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“Toby”
Tobias

Pomsky

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Genetic Breed Result

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Siberian Husky

Bred initially in Northern Siberia, the Siberian Husky is a medium-sized working dog who is quick and light on their feet. Their moderately compact and well furred body, erect ears and brush tail suggest their Northern heritage. Huskies are very active and energetic and are known for being long distance sled dogs.

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Pomeranian

The Pomeranian is a cocky, animated companion with an extroverted personality.

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Genetic Stats

Predicted Adult Weight

39 lbs

Genetic Age
19 human years

Based on the date of birth provided

DNA Breed Origins

Breed colors:
Siberian Husky
Pomeranian

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Health Summary

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Toby inherited one variant that you should learn more about.

And one variant that you should tell your vet about.

Degenerative Myelopathy, DM

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Toby inherited one copy of the variant we tested

What does this result mean?

Because this variant is inherited in an autosomal recessive manner (meaning dogs need two copies of the variant to develop the disease), Toby is unlikely to develop this condition due to the variant.

Impact on Breeding

Your dog carries this variant and will pass it on to ~50% of his offspring. You can email breeders@embarkvet.com to discuss with a genetic counselor how the genotype results should be applied to a breeding program.

What is Degenerative Myelopathy, DM?

The dog equivalent of Amyotrophic Lateral Sclerosis, or Lou Gehrig’s disease, DM is a progressive degenerative disorder of the spinal cord. Because the nerves that control the hind limbs are the first to degenerate, the most common clinical signs are back muscle wasting and gait abnormalities.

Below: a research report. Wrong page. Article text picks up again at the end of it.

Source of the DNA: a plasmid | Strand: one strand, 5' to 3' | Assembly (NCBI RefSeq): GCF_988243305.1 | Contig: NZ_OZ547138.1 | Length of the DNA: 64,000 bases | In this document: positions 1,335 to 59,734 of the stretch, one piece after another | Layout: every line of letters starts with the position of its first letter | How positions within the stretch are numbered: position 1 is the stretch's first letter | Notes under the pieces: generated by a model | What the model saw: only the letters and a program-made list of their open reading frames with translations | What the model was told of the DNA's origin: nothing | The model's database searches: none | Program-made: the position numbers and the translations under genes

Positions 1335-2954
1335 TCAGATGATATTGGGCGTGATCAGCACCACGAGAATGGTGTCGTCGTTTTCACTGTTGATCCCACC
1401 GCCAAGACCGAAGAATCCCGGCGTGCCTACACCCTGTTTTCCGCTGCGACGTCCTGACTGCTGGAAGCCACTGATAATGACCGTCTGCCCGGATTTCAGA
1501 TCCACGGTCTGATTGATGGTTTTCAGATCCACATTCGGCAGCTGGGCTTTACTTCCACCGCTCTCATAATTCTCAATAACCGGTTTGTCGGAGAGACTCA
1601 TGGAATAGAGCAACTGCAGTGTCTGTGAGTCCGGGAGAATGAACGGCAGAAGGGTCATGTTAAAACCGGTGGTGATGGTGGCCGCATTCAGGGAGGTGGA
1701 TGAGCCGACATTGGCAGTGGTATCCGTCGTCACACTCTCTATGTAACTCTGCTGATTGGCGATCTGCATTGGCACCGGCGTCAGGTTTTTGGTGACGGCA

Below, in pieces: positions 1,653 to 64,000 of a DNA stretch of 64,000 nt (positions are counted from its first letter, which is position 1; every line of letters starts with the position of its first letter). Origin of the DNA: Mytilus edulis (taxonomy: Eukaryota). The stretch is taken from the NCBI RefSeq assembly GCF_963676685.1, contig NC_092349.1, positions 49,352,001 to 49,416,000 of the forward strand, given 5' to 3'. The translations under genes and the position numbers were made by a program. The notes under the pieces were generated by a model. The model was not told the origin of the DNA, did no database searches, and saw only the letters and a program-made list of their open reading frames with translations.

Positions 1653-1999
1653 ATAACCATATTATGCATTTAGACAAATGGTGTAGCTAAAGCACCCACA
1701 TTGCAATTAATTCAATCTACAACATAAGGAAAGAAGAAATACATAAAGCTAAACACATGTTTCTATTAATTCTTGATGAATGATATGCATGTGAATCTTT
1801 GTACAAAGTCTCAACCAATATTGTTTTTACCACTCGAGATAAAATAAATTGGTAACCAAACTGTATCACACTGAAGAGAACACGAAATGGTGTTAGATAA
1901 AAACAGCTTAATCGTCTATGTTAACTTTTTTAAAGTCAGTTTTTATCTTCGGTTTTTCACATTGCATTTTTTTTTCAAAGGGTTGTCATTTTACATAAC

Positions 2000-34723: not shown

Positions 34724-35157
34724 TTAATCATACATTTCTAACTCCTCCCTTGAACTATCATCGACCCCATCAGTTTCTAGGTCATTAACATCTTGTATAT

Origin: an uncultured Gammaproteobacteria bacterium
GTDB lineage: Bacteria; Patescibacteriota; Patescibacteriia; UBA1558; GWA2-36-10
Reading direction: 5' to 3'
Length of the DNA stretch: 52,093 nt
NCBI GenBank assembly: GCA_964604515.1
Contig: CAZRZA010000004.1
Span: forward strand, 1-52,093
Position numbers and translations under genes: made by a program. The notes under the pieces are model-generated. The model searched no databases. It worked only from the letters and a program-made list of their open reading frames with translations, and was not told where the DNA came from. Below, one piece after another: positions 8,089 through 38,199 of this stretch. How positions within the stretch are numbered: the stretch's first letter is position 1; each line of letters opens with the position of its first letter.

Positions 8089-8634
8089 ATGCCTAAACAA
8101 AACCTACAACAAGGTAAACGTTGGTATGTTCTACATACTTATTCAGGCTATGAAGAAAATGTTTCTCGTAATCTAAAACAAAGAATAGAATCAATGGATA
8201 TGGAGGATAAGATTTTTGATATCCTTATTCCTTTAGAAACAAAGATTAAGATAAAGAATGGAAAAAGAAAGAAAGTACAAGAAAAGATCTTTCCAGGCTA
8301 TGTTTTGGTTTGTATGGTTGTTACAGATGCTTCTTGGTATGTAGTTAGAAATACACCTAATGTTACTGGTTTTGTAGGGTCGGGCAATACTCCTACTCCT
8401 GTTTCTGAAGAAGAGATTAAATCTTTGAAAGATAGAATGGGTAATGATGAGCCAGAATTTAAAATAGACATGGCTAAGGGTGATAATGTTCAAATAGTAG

ALT Activity

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Toby inherited one copy of the variant we tested

Why is this important to your vet?

Toby has one copy of a variant associated with reduced ALT activity as measured on veterinary blood chemistry panels. Please inform your veterinarian that Toby has this genotype, as ALT is often used as an indicator of liver health and Toby is likely to have a lower than average resting ALT activity. As such, an increase in Toby’s ALT activity could be evidence of liver damage, even if it is within normal limits by standard ALT reference ranges.

What is ALT Activity?

Alanine aminotransferase (ALT) is a clinical tool that can be used by veterinarians to better monitor liver health. This result is not associated with liver disease. ALT is one of several values veterinarians measure on routine blood work to evaluate the liver. It is a naturally occurring enzyme located in liver cells that helps break down protein. When the liver is damaged or inflamed, ALT is released into the bloodstream.

Breed-Relevant Genetic Conditions

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Methemoglobinemia (CYB5R3)

Identified in Pomeranians

Progressive Retinal Atrophy, rcd3 (PDE6A)

Identified in Pomeranians

X-Linked Progressive Retinal Atrophy 1, XL-PRA1 (RPGR)

Identified in Siberian Huskies

Urate Kidney & Bladder Stones (SLC2A9)

Identified in Pomeranians

GM1 Gangliosidosis (GLB1 Exon 15, Alaskan Husky Variant)

Identified in Siberian Huskies

Oculocutaneous Albinism, OCA (SLC45A2, Small Breed Variant)

Identified in Pomeranians

Hereditary Vitamin D-Resistant Rickets (VDR)

Identified in Pomeranians

Additional Genetic Conditions